The facility, which can handle about 90,000 plants, is expected to be able to make 30 million doses of seasonal flu vaccine a year, or 120 million vaccine doses to fight a major outbreak of pandemic flu.

The benefits of plant-made vaccines include lower cost of production, according to Locwin, who said it has a “tremendous amount of promise.”

The plant-based approach to obtaining complex proteins is more popular than ever, in the context of the Ebola outbreak and the threat of bioterrorism. It is a “fast and cheap” method of producing a lot of vaccine material, explains Daniel Tuse, a consultant and managing director of Intrusept Biomedicine. If a new germ produces a threat, its genetic material can be inserted into large numbers of plants, which will churn out material for vaccines.

You can start making a protein within a matter of days, according to Robert L. Erwin, president of iBio, but tobacco plants must be grown for about a month before they can be infected with the protein’s genetic material, and the proteins are harvested and purified.

The federal government, specifically the Defense Department, is funding research on quickly producing proteins in tobacco plants to produce these vaccines.

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By Victoria Kim

rolling papers

8/19/14 5:30pm

Al Olson Leaves NBC News for Marijuana News



Veteran journalist Al Olson is leaving his senior editor job at NBC News to head Marijuana.com, a news site dedicated to reporting on all things cannabis.

For Olson, marijuana and journalism are fatefully intertwined. “I’ve been a journalist for as long as I’ve been a marijuana advocate—my first byline was at the age of 14, the same age I smoked my first joint,” he said in a press statement.

Olson took the reins as Marijuana.com's managing editor on Monday and will be in charge of expanding the site's cannabis coverage, as well as building the site's team of reporters.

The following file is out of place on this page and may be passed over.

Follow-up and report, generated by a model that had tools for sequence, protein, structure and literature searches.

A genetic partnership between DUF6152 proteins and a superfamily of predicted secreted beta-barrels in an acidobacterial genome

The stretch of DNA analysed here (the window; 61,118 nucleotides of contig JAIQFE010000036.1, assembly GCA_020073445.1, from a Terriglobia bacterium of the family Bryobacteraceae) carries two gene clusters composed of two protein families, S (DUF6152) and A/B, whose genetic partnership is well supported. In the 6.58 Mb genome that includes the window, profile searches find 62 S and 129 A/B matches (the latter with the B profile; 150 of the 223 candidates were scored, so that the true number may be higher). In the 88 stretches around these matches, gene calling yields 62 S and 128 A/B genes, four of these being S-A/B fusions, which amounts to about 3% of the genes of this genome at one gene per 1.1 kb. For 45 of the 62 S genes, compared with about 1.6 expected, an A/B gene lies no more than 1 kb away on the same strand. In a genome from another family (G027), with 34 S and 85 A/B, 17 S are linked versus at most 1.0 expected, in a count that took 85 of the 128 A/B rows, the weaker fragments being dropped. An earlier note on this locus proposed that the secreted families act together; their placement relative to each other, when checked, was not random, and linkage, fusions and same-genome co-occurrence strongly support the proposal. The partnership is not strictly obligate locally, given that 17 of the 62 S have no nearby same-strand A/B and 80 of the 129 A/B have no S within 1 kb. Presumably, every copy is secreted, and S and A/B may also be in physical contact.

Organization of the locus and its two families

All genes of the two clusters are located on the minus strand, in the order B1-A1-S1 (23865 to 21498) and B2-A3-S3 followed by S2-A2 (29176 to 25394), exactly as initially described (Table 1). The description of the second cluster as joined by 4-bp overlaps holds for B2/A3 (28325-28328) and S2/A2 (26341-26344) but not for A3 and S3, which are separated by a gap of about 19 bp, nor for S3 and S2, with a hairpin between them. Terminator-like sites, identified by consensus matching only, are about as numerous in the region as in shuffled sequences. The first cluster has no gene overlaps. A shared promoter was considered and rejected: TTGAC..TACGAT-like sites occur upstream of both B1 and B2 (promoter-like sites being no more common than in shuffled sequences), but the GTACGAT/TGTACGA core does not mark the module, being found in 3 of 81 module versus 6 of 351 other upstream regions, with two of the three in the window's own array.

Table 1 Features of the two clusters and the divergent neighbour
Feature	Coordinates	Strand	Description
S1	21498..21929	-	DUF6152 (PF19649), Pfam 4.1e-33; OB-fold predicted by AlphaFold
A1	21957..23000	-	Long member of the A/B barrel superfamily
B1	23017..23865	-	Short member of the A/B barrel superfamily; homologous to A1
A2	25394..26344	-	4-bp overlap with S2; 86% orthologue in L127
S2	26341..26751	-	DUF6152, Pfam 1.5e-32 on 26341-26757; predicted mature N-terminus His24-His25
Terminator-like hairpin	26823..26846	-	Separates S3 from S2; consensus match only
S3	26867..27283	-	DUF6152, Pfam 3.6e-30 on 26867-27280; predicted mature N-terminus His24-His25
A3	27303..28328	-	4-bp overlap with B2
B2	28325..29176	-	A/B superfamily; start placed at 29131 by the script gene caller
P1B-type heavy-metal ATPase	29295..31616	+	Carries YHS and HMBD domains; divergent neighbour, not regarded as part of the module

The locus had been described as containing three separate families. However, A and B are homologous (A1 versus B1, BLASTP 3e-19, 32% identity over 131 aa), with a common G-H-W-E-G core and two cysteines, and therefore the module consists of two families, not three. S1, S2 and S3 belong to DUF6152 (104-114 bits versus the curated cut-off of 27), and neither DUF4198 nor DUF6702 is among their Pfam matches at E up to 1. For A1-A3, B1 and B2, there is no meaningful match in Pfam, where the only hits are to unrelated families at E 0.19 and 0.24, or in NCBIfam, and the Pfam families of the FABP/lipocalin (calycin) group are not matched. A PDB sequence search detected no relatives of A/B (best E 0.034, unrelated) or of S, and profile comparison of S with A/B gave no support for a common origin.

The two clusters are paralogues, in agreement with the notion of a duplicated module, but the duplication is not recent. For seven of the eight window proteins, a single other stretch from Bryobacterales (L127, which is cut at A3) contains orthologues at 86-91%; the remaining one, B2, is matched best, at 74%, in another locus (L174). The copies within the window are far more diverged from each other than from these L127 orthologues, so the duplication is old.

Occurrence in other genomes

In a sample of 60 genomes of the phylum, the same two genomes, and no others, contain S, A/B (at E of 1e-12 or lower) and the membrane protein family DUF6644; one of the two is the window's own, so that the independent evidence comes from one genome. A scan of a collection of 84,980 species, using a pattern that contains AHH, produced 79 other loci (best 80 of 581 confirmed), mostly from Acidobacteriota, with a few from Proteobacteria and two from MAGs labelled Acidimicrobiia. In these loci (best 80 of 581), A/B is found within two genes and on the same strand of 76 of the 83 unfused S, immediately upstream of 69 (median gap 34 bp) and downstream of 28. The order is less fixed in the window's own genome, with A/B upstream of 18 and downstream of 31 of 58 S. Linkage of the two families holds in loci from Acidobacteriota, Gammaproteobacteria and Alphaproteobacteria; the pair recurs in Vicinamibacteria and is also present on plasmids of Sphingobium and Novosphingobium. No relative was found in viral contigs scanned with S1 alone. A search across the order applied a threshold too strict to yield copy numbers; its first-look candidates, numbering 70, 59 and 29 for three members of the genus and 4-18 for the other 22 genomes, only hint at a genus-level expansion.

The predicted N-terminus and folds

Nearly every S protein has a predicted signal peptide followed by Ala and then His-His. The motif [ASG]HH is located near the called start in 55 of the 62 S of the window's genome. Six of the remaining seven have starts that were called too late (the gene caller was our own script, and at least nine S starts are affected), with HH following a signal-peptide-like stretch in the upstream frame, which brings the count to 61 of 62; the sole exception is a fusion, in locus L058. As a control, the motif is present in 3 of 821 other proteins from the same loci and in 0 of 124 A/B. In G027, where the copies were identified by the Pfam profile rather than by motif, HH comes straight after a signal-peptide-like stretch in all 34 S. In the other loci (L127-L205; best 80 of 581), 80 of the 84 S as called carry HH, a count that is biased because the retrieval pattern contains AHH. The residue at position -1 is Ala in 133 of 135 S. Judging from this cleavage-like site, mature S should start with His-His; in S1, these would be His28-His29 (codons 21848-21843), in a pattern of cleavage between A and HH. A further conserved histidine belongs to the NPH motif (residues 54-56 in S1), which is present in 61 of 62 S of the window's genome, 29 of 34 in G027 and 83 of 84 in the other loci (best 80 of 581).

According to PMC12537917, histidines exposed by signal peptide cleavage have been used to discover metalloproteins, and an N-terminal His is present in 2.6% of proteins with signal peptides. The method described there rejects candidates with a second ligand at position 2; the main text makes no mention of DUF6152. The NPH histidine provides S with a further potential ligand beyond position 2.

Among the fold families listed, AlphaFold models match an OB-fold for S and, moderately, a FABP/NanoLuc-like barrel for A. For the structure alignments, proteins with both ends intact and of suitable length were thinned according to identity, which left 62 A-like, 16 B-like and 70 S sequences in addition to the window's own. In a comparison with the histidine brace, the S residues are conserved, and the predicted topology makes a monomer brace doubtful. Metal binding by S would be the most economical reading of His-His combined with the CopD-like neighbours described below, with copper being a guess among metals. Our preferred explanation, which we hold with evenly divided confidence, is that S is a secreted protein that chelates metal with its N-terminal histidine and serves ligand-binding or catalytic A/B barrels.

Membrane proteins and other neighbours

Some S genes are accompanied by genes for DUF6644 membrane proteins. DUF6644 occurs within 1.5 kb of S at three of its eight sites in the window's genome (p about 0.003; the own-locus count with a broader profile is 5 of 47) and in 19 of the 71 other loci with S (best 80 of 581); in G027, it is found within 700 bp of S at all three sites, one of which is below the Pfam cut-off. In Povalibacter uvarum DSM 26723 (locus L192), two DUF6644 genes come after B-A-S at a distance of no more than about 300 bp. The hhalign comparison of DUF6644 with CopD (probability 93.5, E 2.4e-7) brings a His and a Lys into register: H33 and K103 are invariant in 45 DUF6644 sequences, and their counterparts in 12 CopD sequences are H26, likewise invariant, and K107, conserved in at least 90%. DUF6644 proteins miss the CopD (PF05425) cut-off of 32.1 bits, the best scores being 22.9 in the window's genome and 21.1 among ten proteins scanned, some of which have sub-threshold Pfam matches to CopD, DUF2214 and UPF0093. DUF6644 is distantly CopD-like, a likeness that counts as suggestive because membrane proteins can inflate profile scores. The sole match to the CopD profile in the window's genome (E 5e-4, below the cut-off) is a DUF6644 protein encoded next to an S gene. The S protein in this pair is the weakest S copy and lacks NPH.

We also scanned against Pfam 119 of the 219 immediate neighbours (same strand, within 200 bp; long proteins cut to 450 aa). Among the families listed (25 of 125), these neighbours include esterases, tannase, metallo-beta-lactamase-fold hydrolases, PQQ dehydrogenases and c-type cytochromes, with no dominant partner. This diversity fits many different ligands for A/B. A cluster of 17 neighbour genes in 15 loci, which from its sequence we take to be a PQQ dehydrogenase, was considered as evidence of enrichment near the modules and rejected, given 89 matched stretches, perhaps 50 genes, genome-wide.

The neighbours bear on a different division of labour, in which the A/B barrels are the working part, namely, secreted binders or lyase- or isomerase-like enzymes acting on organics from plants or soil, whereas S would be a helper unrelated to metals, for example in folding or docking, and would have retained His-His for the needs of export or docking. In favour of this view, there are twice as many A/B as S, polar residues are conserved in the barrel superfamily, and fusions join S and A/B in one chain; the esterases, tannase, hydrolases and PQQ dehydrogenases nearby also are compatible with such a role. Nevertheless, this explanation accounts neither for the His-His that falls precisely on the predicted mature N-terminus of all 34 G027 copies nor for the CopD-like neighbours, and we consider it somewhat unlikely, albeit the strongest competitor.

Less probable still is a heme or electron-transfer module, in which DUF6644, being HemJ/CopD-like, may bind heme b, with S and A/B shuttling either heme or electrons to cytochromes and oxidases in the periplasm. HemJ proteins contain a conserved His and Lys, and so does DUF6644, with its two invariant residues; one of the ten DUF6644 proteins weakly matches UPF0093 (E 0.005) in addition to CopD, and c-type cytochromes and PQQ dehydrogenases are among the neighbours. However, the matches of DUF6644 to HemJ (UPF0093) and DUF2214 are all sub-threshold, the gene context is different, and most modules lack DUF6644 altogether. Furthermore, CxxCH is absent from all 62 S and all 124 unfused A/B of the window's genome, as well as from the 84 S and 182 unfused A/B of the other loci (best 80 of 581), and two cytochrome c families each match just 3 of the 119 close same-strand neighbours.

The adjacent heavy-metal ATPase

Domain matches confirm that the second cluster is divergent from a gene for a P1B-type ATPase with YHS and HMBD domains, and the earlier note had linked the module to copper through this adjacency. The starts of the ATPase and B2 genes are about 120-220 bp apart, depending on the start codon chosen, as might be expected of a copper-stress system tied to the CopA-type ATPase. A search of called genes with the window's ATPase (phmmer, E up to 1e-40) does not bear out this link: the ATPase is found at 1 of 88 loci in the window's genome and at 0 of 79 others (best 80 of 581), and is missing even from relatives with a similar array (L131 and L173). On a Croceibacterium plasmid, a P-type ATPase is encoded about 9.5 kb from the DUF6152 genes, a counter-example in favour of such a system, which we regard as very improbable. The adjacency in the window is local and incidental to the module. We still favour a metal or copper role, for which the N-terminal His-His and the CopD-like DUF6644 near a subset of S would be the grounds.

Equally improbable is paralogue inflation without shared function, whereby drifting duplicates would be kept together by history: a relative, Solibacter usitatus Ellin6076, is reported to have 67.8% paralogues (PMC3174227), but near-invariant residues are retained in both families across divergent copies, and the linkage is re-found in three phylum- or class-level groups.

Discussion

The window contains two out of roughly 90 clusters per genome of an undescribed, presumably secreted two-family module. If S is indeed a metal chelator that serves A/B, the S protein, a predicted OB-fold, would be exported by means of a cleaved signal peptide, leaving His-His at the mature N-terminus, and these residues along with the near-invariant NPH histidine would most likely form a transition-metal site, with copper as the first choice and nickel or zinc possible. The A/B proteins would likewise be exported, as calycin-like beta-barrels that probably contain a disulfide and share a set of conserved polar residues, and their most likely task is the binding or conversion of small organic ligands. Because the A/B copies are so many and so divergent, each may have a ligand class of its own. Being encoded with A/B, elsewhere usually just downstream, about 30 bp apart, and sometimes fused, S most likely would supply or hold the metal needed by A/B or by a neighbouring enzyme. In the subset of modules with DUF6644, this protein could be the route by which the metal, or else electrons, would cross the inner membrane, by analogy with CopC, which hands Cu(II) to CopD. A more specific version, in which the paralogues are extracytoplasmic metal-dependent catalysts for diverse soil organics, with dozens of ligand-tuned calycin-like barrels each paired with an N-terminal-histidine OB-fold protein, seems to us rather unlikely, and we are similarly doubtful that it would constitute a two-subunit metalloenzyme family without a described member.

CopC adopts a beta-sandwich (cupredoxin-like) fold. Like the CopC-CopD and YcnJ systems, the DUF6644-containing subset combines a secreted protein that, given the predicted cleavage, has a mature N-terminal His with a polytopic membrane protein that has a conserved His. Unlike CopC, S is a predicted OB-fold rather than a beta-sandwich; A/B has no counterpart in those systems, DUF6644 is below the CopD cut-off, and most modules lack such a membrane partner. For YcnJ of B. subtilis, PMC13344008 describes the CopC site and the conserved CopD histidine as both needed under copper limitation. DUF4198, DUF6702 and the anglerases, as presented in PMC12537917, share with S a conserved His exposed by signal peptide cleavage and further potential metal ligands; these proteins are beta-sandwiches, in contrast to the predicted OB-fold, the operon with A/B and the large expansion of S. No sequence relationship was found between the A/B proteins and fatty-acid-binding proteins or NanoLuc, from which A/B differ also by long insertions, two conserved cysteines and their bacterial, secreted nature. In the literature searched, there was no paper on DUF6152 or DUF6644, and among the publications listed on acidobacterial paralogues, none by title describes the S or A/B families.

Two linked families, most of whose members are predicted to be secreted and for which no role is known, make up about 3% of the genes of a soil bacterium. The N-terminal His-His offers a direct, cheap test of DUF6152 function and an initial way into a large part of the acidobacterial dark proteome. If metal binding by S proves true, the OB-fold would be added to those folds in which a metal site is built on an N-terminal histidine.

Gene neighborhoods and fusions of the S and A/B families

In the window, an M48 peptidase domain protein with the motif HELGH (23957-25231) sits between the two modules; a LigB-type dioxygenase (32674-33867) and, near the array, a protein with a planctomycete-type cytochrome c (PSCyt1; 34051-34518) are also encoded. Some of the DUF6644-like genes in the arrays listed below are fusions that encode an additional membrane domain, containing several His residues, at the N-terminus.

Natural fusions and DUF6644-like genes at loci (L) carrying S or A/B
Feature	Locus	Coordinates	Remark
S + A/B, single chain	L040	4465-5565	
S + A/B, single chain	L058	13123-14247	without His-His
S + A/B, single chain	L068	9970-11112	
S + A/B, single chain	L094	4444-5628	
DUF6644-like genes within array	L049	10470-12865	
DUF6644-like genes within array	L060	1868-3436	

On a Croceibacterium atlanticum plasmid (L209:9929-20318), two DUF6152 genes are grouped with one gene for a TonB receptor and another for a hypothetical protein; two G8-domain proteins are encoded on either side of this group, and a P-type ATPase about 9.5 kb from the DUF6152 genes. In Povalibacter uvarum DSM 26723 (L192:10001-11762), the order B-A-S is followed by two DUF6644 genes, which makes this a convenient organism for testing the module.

"For the last three and a half years I've taken this deep dive into this marijuana industry and movement and just what is happening to this country," Olson said. "I think this is a real interesting time for America."

He also admitted to being a recreational marijuana user for over 40 years, is a medical marijuana card holder in Washington state, and has seen how medical marijuana has helped many of his friends and family.

It should also come as no surprise that Olson holds gonzo journalist Hunter S. Thompson as one of his heroes, as well as Walter Kronkite. "Although these two journalists were on opposite ends of the news spectrum, both understood that the War on Drugs was a colossal failure. My goal is to make both of my heroes proud of the journalism we will produce at Marijuana.com.”

"We're going to shake things up a little bit, have some fun," Olson continued. "We're going to tell stories in a new and exciting way and not in the mainstream way. It kind of angered me, frankly, to see how mainstream media is covering this issue. There has been a real lack of understanding of what was happening here. I'm very excited to do this."

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By Bryan Le